Alas, the evolution of the pizza has made quite a change; and though the “boutique pizza” is delicious, there was once something special about watching the pizza baker twirl the dough above his head while you waited… and just maybe this would be the time it would go splat!!

Museum Ludwig - Pressekonferenz - Claes Oldenburg Today’s post brings to you the esteemed thinker: Clas Oldenburg (Stolkholm, 1929), a Swedish born artist who moved to the United States and eventually became a citizen of his adopted counntry. Educated at Yale, Oldenburg later attended the school of the Art Institute of Chicago, opened a studio and did freelance illustrating for magazines. Using commercial and ordinary objects as subject matter, he brought to the art world a new meaning of expression. He became known for public art and instilations of grand scales, utilizing materials that deemed his work “soft sculpture”. In the 1960s he participated in what was called the Pop Movement, also related to “happenings” a kind of performance art work.

I now bring you his 1964 lithograph titled Flying Pizza from New York Ten a work of art that clearly, from the title and subject, reminds many of us of the “good-old-days” of the plain cheese pizza!

Pizza Oldenburg

Esteemed thinker: Nikola Tesla

futureIt is astounding to think that only a hundred and fifteen years ago, which is not a very long ago in the realm of time, the world was in the throes of a new millennium. This was the Edwardian era, the very beginning of the 20th century, and the future seemed as unrealistic as one could imagine. Airplanes, radios, and wireless transmission were at its infancy. And if only the predictions had come true, what a different world it would be. Andrew Carnegie hoped warfare would “become the most dishonorable” profession and Secretary of the Navy John D. Long held the common belief that war would be abolished.”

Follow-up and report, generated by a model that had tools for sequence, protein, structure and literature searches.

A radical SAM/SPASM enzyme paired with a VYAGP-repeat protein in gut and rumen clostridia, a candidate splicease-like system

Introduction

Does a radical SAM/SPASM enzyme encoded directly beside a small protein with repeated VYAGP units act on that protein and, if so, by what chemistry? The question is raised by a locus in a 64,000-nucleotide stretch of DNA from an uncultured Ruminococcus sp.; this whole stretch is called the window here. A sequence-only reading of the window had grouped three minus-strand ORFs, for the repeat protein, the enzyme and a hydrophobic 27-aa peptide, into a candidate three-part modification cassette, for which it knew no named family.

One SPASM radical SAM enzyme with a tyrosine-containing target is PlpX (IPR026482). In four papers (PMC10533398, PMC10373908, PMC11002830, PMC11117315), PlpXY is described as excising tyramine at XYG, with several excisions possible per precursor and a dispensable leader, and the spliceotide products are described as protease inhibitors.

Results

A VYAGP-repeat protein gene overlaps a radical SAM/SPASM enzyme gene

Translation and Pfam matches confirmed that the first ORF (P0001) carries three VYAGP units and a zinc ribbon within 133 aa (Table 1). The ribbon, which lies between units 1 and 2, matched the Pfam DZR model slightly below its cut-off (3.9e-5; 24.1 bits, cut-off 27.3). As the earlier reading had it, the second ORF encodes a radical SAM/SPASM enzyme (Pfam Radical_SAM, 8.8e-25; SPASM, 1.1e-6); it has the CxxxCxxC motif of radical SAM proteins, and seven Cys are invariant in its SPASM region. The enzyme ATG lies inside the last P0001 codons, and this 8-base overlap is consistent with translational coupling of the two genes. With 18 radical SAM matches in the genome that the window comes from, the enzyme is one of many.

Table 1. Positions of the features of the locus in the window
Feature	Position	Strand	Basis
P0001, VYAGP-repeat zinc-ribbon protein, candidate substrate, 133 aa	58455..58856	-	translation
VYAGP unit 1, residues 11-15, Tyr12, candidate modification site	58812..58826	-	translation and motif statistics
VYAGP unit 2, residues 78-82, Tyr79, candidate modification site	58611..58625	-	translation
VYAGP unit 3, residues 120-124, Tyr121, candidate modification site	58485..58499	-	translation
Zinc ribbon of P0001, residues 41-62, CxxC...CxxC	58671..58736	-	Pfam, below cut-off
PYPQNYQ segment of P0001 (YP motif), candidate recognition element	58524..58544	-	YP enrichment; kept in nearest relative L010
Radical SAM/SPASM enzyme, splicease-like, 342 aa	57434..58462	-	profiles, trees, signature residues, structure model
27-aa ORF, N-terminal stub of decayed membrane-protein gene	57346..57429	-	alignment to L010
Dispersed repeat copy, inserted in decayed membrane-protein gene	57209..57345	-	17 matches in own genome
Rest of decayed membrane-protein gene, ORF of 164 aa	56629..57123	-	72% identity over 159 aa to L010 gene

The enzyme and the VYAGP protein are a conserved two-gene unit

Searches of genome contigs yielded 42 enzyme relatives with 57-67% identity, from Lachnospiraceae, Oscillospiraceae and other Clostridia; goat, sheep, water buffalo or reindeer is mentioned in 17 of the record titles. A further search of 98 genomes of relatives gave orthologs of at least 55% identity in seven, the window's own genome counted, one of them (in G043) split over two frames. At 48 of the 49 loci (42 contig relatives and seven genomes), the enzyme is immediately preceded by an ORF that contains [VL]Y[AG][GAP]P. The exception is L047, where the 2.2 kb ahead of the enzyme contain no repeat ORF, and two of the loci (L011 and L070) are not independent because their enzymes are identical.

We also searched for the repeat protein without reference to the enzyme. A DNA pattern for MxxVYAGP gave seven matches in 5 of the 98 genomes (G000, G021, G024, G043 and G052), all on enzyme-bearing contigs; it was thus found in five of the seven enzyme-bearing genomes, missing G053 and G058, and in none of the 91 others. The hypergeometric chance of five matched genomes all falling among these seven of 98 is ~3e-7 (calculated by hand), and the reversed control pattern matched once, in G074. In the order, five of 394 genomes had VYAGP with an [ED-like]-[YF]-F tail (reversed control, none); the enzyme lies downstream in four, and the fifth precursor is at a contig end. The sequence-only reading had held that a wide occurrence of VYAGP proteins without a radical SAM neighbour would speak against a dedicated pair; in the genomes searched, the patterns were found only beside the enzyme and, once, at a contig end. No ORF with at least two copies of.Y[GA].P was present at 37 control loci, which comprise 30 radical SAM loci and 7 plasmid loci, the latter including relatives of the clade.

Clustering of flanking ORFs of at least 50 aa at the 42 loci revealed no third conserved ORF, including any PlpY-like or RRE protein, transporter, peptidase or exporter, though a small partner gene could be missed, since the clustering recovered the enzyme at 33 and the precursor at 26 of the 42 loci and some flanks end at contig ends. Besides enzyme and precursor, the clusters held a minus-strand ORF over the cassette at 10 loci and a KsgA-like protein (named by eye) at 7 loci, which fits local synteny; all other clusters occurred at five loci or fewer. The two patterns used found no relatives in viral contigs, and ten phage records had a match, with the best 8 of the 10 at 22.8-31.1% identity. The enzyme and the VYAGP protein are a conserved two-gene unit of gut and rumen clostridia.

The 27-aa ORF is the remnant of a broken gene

Forward to the 21st century, where we began with such inventions as segways, ipods, braile gloves and hybrid cars. Sadly we cannot celebrate the predictions of Carnegie and Long for they did not hold up to the test of time. Which leads us to today’s esteemed thinker: Nikola Tesla (1856-1943) a world renowned scientist who made some of his own predictions seventy or so years before the millennium.

nikola tesla Nikola Tesla, born in Smiljan, Lika, which was then part of the Austo-Hungarian Empire, the region of modern day Croatia. In 1873 he began his studies in mathematics and physics at the University in Prague, however became fascinated with electricity. In 1881 he started his career in electrical engineering in Budapst and privately built a reduction motor, a radical idea that was not received well in Europe. As a result he moved to the United States and worked with Thomas Edison. For the next 59 years he established himself as a great inventor, which included constructing his theory of alternating current, in direct conflict with Edison’s theory of direct current. In 1882, Tesla discovered the rotating magnetic field, a fundamental principle in physics and the basis of nearly all devices that use alternating current. Alternating current became standard power in the 20th Century, an accomplishment that ultimately changed the world.